A statement P about a single element in a dual or multiple set does not seem to logically exclude P applying equally to other elements in the set; yet we often talk as though "P is true of X" implies "P is not true of Y (or Z)", when X, Y, and Z all belong to some grouping.
For example, take "Men work to support their families". Does this logically imply that women do not work to support their families?
What about "African Americans suffer from discrimination"? Does this logically imply that Asian Americans, Hispanic Americans and white Americans (among other racial groupings) do not suffer from discrimination?
Such objections are often raised in discourse. Given (x, y), "P is true of X" is thought to imply "P is not true of Y", or "Not-P is true of Y". If there is no logical exclusion above, what are these objections targeting? Is it a question of salience, rather than logic?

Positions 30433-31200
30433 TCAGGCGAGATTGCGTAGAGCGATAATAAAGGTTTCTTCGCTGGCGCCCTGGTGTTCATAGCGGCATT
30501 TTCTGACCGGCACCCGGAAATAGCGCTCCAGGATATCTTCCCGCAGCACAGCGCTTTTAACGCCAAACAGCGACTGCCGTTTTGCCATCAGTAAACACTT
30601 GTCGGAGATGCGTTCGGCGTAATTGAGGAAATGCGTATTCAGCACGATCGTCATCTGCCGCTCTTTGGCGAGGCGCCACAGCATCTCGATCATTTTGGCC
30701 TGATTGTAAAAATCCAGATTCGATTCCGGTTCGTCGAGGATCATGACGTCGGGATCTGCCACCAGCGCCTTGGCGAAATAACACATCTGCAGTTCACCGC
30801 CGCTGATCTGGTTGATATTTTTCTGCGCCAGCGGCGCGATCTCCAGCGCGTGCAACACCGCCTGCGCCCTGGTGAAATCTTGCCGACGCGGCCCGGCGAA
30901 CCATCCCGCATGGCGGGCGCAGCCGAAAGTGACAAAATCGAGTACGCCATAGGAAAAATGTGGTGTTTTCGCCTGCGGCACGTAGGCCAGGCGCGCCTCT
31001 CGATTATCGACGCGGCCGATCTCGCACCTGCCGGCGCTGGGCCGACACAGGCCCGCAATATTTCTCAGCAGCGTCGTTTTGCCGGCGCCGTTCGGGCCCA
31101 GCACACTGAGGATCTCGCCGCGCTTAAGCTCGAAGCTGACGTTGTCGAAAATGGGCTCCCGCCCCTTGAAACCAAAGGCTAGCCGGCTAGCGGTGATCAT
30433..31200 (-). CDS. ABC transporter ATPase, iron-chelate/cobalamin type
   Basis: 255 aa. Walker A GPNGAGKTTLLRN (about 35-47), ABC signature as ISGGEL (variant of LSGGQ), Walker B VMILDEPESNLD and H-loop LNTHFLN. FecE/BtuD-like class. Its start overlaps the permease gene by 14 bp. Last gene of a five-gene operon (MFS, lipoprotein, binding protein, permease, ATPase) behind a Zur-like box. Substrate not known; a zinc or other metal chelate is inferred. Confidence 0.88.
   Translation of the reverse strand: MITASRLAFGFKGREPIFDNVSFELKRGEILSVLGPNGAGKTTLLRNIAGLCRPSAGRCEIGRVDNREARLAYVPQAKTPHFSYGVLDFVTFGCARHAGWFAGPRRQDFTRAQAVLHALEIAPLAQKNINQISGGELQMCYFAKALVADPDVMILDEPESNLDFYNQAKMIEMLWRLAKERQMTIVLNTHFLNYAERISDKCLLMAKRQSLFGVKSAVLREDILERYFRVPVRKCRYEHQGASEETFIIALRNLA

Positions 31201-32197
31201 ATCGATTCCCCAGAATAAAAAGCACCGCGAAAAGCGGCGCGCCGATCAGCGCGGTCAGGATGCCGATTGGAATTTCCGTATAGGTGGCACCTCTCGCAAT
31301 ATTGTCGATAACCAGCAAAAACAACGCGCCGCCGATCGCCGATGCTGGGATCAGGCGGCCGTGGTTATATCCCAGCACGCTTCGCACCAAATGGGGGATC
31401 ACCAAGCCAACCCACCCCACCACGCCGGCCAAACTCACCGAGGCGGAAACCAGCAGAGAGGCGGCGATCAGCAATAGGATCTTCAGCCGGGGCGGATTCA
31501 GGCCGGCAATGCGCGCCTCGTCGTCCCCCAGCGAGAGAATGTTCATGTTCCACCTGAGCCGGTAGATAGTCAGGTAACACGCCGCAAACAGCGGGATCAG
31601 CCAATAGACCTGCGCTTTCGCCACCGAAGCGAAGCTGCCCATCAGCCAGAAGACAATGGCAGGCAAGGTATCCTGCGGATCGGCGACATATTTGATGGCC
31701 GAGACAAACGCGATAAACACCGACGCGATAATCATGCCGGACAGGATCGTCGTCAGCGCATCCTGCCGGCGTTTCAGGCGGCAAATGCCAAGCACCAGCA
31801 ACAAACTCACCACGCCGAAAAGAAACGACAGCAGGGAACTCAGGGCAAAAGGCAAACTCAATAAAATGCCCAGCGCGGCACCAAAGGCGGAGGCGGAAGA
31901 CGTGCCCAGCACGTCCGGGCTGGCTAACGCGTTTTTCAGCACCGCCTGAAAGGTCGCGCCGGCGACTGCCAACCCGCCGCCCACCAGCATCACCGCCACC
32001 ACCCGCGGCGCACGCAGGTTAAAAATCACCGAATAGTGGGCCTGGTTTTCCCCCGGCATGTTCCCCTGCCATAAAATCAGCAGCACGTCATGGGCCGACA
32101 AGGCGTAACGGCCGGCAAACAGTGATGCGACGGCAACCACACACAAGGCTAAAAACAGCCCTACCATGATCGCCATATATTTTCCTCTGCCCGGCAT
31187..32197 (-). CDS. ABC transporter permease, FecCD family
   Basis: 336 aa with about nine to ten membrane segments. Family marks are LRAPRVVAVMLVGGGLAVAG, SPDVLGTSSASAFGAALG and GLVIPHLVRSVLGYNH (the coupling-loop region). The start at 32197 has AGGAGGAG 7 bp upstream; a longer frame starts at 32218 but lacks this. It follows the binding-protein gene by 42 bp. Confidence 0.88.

Thank you for your good question! Answering questions of this general type has been a big concern of the field of philosophy of language for the last few decades. One way of starting to understand where this tradition is coming from, is to distinguish between the literal meaning of a sentence, and the meaning that a speaker using that sentence is normally thought to convey. So suppose that you often has unkempt hair. One day you show up with nicely combed hair and I remark, "Your hair is combed!" Now it will be natural to take me to be *suggesting* that your hair is normally not tidy. But this is no part of the literal meaning of the sentence. If it were, then I'd contradict myself by saying, "Your hair is combed, though of course it is normally tidy." This might be an odd things to say, but it isn't a self-contradiction like, "Bob is a bachelor, but he is married." So we can distinguish between what a sentence usually means and what a person uttering that sentence might be conveying,...